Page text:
In accordance with one aspect of the invention, a method collects metadata for media content stored on a plurality of devices. The method includes automatically detecting an event generated in response to an action by a first device. The first device has a media file stored thereon. The method also includes determining an identifier associated with the media file in response to the detected event. The method further includes obtaining metadata for the media file from a metadata provider using the determined identifier. The method stores the obtained metadata in a memory area associated with a second device and enables a user to manipulate the stored metadata.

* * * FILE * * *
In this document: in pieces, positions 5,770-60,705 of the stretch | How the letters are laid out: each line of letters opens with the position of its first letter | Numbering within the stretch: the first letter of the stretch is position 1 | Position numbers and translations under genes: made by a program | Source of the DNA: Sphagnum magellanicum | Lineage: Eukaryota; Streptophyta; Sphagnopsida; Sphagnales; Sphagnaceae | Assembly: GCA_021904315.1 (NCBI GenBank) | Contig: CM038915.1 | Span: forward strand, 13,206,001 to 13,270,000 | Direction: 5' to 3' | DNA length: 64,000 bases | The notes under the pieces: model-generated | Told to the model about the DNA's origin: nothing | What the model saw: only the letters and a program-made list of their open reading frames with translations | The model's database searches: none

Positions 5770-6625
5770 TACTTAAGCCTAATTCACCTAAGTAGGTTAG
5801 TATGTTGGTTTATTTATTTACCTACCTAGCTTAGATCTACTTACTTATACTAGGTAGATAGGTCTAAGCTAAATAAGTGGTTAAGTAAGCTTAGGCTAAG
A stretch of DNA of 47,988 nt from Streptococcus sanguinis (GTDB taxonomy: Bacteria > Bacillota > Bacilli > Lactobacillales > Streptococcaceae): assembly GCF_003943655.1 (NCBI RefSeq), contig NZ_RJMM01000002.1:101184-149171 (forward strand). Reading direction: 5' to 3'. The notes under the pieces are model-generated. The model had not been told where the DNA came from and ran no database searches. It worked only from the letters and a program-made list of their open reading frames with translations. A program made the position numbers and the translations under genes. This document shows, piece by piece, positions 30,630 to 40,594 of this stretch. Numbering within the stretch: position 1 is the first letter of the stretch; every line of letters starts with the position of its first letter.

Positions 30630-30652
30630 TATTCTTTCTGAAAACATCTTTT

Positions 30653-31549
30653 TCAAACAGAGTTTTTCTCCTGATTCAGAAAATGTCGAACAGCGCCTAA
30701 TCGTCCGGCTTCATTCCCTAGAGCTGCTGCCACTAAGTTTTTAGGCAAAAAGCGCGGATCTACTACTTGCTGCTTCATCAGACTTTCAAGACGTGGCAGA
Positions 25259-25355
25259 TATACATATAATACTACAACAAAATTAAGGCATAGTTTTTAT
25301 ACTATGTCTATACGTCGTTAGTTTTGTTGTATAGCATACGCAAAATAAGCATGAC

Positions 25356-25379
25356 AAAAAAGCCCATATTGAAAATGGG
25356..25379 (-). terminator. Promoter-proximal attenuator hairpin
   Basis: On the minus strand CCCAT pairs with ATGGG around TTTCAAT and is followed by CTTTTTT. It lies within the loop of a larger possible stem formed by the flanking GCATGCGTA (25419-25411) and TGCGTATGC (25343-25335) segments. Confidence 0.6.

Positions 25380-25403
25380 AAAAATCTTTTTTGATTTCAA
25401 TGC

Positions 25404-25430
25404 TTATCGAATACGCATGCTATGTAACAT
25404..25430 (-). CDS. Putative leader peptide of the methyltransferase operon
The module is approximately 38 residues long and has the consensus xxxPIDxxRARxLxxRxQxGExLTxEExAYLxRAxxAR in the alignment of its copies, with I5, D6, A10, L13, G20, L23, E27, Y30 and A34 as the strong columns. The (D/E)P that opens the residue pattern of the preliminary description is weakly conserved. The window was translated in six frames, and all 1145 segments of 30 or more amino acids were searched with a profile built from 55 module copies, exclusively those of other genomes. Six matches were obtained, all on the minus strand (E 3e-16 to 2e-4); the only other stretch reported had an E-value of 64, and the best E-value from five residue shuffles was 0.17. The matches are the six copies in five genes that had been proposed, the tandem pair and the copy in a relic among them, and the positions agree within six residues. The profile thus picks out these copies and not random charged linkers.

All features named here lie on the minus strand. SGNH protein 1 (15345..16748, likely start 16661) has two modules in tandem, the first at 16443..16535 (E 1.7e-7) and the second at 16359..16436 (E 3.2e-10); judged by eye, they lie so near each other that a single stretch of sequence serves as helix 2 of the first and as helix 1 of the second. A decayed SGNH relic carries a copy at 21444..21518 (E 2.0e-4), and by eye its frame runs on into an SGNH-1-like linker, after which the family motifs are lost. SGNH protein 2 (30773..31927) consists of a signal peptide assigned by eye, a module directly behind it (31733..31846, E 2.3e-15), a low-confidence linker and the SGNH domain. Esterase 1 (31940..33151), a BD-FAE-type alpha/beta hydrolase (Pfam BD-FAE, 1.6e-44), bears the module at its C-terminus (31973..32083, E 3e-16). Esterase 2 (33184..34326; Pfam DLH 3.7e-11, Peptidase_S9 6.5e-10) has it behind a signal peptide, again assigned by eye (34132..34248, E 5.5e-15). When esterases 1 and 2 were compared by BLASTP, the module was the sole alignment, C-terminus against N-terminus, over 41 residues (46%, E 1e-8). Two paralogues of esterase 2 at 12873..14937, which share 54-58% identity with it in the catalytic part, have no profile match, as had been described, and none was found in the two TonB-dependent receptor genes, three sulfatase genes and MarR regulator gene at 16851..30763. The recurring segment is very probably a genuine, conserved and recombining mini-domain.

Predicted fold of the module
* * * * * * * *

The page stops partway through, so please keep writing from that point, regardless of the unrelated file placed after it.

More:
In accordance with another aspect of the invention, one or more computer-readable media have computer-executable components for collecting metadata for media content stored on a plurality of devices. The components include a driver component for automatically detecting a connection from a first device upon creation of the connection by the first device storing a media file. The components further include an identification component for identifying metadata associated with media content stored in the media file. The components further include a retrieval component for obtaining from a metadata provider the metadata identified by the identification component for the media content. The components also include a storage component for storing the metadata obtained by the retrieval component in a memory area associated with a second device. The components also include an application component for enabling a user to manipulate the metadata stored by the storage component.